• One of the largest regional libraries dedicated exclusively to the health sciences.  Our Learning Resource Center has a collection of over 18,000 books, 153 print journal subscriptions, 15,000 electronic journals and e-books, and 43 bibliographic databases.
  • University amenities such as an on-campus fitness center and free health services at our on-campus integrative medical clinic. As a student, you'll receive care from our clinicians and interns in our graduate programs.
  • Participation in student organizations. Our campus hosts several hundred medical students in our professional programs. You'll find lots of on-campus clubs for professional development, social outings, networking opportunities and community service.

In addition to the advantages of our traditional campus, National University does have a selection of online courses that you can choose from to augment your on-campus program. The online options at National University give you more scheduling flexibility when you need it, and are taught by the same caliber of faculty you'll be learning from in your on-campus courses.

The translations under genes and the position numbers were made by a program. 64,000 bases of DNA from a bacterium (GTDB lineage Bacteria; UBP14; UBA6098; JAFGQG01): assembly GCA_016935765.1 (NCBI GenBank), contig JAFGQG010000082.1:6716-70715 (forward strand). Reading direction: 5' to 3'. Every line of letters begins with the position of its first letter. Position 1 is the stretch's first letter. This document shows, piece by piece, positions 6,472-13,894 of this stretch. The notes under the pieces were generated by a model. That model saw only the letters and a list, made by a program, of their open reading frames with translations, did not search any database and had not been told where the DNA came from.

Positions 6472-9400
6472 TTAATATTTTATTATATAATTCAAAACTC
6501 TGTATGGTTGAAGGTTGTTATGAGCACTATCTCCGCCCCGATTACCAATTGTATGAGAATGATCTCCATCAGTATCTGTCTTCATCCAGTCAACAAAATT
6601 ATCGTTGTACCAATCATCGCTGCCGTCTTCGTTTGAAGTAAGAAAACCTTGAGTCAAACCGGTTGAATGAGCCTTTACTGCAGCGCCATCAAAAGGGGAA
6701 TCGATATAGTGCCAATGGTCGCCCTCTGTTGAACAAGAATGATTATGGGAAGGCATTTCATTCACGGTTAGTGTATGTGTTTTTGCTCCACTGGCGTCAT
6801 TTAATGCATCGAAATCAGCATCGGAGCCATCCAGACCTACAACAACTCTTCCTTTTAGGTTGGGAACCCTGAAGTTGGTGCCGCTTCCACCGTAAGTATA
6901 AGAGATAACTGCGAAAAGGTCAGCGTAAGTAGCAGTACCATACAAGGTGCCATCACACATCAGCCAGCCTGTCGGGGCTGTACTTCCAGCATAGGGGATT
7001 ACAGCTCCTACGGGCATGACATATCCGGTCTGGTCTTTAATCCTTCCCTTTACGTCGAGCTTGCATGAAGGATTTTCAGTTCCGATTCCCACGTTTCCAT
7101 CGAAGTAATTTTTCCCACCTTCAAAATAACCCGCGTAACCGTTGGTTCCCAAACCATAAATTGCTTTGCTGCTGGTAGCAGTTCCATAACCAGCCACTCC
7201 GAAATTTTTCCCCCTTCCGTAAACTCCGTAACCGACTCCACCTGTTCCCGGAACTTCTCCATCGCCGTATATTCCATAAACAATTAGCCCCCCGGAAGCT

Come visit National University and see the advantages a real campus can offer you!

Science Can Be Beautiful!

The world of scientific study can be dazzlingly beautiful. Check out the winning photos from 40 years of Nikon's annual "Small World" contest winners on CNN. These images are captured by a light microscope and called "photomicrographs." The field of study that works to capture these images is "micrography." The photos are not only a form of art, but can capture and illuminate important scientific data about the subjects.